October is Cyber Security Month
Both the EU and the US have designated October as Cyber Security Month. Administered by the Department of Homeland Security in the US and ENISA in the EU, both organisations have chosen this year’s theme to be “Our Shared Responsibility”. The aim of Cyber Security Month is to promote cyber security among citizens, to change their perception of cyber-threats and to provide up to date security information, through education and sharing good practices.
ICO continues clampdown on nuisance calls
The Information Commissioner’s Office (ICO) issued a GBP 70,000 fine to EMC Advisory Services Limited, a Devon marketing firm, responsible for hundreds of nuisance calls. 630 complaints to the ICO were lodged against the company who used third-party companies to make calls on their behalf but failed to make sure that people, who had previously asked not to be contacted, weren’t being called. This latest fine takes the value of the penalties served by the ICO on companies making live nuisance calls to over GBP 500,000.
NHS data to be gathered despite privacy concerns
Health officials will launch a pilot scheme involving 265 GP surgeries and 1.7 million patients where confidential medical information (including date of birth, NHS number and postcode, but not the patient name) will be stored on a central database. NHS England consider that the data will enable researchers to monitor illnesses and their causes, as well as identifying instances of poor care. The scheme has been delayed due to opposition from senior MPs and privacy campaigners. Although the NHS has insisted that safeguards will ensure that the data is kept securely, experts say these safeguards are unclear and remain concerned with the NHS’s poor track record with patient data.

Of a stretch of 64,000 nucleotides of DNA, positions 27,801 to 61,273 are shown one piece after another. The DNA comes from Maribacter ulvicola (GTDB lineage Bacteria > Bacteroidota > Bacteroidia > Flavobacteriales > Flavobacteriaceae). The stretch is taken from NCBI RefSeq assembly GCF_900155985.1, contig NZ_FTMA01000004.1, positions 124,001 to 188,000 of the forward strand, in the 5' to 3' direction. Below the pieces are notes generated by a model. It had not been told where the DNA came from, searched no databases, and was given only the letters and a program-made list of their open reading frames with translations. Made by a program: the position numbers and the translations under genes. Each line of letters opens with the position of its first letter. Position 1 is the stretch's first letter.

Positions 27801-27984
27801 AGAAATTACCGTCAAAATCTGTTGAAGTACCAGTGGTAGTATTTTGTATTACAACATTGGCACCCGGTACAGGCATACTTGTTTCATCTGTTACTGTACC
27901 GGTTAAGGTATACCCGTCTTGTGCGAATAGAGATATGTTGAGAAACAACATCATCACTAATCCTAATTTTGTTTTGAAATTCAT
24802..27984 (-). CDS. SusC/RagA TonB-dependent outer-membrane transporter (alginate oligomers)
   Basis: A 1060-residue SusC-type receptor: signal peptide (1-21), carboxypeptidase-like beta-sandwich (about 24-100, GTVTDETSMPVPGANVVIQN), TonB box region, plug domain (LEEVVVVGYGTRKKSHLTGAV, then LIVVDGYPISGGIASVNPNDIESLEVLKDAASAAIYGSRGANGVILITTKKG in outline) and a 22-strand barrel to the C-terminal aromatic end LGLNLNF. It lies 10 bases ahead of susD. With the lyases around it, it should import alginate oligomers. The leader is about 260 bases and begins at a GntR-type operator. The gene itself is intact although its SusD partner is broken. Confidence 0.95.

Google handed guidelines on EU data privacy
European data privacy regulators handed Google a package of guidelines to aid the search engine to bring the way it gathers and stores user data in line with EU law, following investigations being opened by six European regulators. The information, sent by the Article 29 Working Party, a group of European data protection authorities, includes a list of measures which should be implemented by Google. Measures include spelling out clearly the purposes for which it collects user data and how third party entities would be able to collect people’s information.
76 million households affected in JPMorgan Data Breach
It has been revealed that hackers in the cyber-attack on JPMorgan Chase, discovered in August, targeted 90 servers across the bank’s computer network and managed to access personal data for more than 83 million customers, including 76 million households and 7 million small-businesses. The bank, however, will not personally alert the individuals affected. It is reported that the hackers targeted personal data about customers, rather than financial or account information, and so far there have been no reports of fraudulent use of customers’ data. The same hackers have reportedly also targeted nine, as yet unnamed, financial institutions; their goal remains unclear.
Home Depot hit with multiple lawsuits
At least 4 lawsuits have already been filed against Home Depot across the US and Canada following its data breach announced in September. One of the claims lodged is a class action lawsuit filed in California on behalf of all customers whose personal information was compromised. The lawsuits include allegations that Home Depot failed to take reasonable security measures to adequately protect its customers’ personal data and that the retailer failed to notify customers in a timely manner about the data breach.